Reducing risks associated with hot gas defrosting & avoiding liquid hammer effect

By Janet Thompson, Sep 25, 2014, 17:57 3 minute reading

The Gustav Lorentzen 2014 (GL 2014) Conference on Natural Refrigerants, which was held from 31 August – 2 September, featured a comprehensive overview of safety requirements in ammonia refrigeration. Included in the dedicated ammonia safety session was a paper focused on hot gas defrosting and the risk that the liquid hammer phenomenon could occur.

At the Gustav Lorentzen 2014 (GL2014), Yitai Ma and Haoxiang Gu from the Key Laboratory of Efficient Utilization of Low and Medium Grade Energy in China presented the paper titled “Research on risk of hot gas defrosting and liquid hammer in ammonia refrigeration,” which discusses how to optimise ammonia freezers in order to ensure workers’ safety. In this study, the authors also provided insights from the “Guide Book of Specific Controlling Technology,” which provides ammonia refrigerant related businesses with guidelines on safe ammonia usage.

Hot gas in full ammonia unit can cause dangerous liquid hammer phenomenon

Ma and Gu’s GL 2014 paper investigated the principle of hot gas defrosting and how to prevent the liquid hammer phenomenon, referring to two ammonia leak accidents that occurred in China in 2013.

The authors argued that the reasons for these accidents were:

  • Wrong operation of hot gas defrosting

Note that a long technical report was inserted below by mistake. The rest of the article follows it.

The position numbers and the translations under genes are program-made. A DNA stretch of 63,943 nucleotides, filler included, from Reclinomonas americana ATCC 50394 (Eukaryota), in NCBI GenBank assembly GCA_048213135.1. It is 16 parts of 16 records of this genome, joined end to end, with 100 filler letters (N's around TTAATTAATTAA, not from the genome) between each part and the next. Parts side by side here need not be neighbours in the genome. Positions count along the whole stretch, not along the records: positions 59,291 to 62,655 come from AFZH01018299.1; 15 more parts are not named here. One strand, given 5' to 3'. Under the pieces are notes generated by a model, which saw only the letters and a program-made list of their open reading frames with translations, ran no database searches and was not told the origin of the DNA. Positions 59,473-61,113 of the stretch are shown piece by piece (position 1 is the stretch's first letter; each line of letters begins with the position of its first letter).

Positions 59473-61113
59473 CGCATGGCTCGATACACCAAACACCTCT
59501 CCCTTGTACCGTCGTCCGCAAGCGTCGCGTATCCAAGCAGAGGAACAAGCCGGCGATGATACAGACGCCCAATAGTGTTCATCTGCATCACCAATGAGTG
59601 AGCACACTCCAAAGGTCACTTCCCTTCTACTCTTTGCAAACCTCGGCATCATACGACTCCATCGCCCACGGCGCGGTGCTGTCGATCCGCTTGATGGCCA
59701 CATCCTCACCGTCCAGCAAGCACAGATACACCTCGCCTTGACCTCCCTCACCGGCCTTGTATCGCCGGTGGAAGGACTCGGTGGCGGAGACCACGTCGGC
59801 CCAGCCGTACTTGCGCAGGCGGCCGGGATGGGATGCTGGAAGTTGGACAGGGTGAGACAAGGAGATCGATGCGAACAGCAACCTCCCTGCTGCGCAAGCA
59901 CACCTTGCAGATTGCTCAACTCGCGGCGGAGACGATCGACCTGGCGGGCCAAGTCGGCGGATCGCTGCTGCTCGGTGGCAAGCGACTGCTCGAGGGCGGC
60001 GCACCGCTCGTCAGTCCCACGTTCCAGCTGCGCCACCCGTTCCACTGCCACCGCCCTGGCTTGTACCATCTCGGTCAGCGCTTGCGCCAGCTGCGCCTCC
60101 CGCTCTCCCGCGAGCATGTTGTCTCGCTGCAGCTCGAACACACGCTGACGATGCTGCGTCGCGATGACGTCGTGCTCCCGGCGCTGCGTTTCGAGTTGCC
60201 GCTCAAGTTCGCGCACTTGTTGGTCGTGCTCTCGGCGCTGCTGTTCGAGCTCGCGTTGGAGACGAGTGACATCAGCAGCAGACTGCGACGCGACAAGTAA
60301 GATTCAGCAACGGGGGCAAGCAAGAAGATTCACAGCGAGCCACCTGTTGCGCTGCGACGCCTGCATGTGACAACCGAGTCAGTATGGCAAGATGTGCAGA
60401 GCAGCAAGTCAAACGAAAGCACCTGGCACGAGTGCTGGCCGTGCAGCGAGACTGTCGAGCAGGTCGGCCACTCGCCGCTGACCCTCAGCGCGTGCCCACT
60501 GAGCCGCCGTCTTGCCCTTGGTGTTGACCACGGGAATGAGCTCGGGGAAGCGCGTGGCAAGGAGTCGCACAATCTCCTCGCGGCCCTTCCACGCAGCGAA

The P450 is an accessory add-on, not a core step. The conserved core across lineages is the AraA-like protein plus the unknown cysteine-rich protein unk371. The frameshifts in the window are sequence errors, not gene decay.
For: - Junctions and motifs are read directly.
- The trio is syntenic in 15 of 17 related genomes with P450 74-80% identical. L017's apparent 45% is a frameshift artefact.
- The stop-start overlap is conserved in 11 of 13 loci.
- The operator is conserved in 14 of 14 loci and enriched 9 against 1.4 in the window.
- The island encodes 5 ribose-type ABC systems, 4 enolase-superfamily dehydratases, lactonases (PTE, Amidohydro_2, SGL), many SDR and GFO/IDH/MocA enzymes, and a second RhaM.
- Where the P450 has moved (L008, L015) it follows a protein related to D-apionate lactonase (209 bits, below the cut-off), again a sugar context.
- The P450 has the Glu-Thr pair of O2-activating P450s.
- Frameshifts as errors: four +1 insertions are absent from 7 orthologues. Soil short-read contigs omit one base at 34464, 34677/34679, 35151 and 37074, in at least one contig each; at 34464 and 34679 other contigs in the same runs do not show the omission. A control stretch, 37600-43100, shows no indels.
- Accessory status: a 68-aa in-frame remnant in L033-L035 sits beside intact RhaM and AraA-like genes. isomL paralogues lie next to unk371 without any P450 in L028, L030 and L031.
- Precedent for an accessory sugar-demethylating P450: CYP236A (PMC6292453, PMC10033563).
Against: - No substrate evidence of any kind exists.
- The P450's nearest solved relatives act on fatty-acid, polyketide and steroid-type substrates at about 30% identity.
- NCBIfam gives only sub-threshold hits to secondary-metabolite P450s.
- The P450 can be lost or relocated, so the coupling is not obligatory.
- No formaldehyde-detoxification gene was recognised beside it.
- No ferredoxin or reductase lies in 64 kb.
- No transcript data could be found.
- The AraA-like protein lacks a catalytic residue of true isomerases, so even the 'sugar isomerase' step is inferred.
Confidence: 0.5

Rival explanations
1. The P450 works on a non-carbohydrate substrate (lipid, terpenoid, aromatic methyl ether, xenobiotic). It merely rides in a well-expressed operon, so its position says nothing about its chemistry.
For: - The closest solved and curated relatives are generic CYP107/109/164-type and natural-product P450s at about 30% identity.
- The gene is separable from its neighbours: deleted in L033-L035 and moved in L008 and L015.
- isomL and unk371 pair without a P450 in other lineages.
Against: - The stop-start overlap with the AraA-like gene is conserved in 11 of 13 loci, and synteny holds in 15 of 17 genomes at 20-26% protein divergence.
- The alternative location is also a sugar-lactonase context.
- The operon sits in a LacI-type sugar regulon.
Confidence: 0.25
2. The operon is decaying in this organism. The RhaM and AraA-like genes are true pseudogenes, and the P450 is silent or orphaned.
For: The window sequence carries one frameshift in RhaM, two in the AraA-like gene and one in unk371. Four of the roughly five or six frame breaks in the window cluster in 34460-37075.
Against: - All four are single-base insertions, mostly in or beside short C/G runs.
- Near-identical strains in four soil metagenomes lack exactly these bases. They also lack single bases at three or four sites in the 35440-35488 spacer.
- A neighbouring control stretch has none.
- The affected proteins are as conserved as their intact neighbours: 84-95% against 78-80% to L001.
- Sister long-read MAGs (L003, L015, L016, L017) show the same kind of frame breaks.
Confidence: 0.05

• Defect caused by welding in the end of the low pressure pipe
  • Leak of ammonia caused by the cap falling off

When the hot gas defrosting was under operation, the pipe was found fluctuating violently, ending with the rupture of the cap and causing the ammonia leak.

“Hot gas defrosting is an efficient and energy-saving solution,” say authors

The purpose of hot gas defrosting is to prevent that the condensation liquid flows into the compressor. The panelists contended that despite the accidents in China, among the numerous ways to defrost, hot gas defrosting (artificial or automatic) remains an efficient and energy saving solution if conducted appropriately.

In hot gas defrost, which has similar characteristics to a heat pump, the ammonia vapour at the high pressure side is sent into the evaporator and defrosted with the latent heat of condensation. When the process of defrosting ends, the system should start working again once the pressure and temperature are decreased. It is important that the pressure of the gas remain low in order to guarantee its manipulation, therefore isolated controlling valves are needed. Hot water or an electrical heater can be used during the defrosting process.

Liquid explosion and liquid hammer during hot gas defrosting

The hydraulic hammer effect, which appears in the 70 - 80°C temperature range, occurs when steam and condensation water combine. This can happen when water pumps start working or valves are opened so the water flows towards a lower pressure, a flow that reaches high speeds in a short time. When this high-speed water meets with an obstacle, such as a valve or a cap, it may cause fractures and significant leaks (hydraulic hammer effect).

A similar effect can occur in hot gas defrosting if condensation liquid is left in the discharging pipe by accident. As the occurrence of liquid hammer is quick and unstable and cannot be tested with general parameters, specific measures must be taken quickly after defrosting to avoid liquid from evaporating rapidly and forming liquid slug.

To prevent liquid hammer from occurring due to the sudden opening of valves, it is critical to control the throttling process. The authors cited Danfoss, which develops a kind of steam exhaust electric valve that relies on the pressure differential before and behind the valve and controls the opening in two steps.


By Janet Thompson

Sep 25, 2014, 17:57

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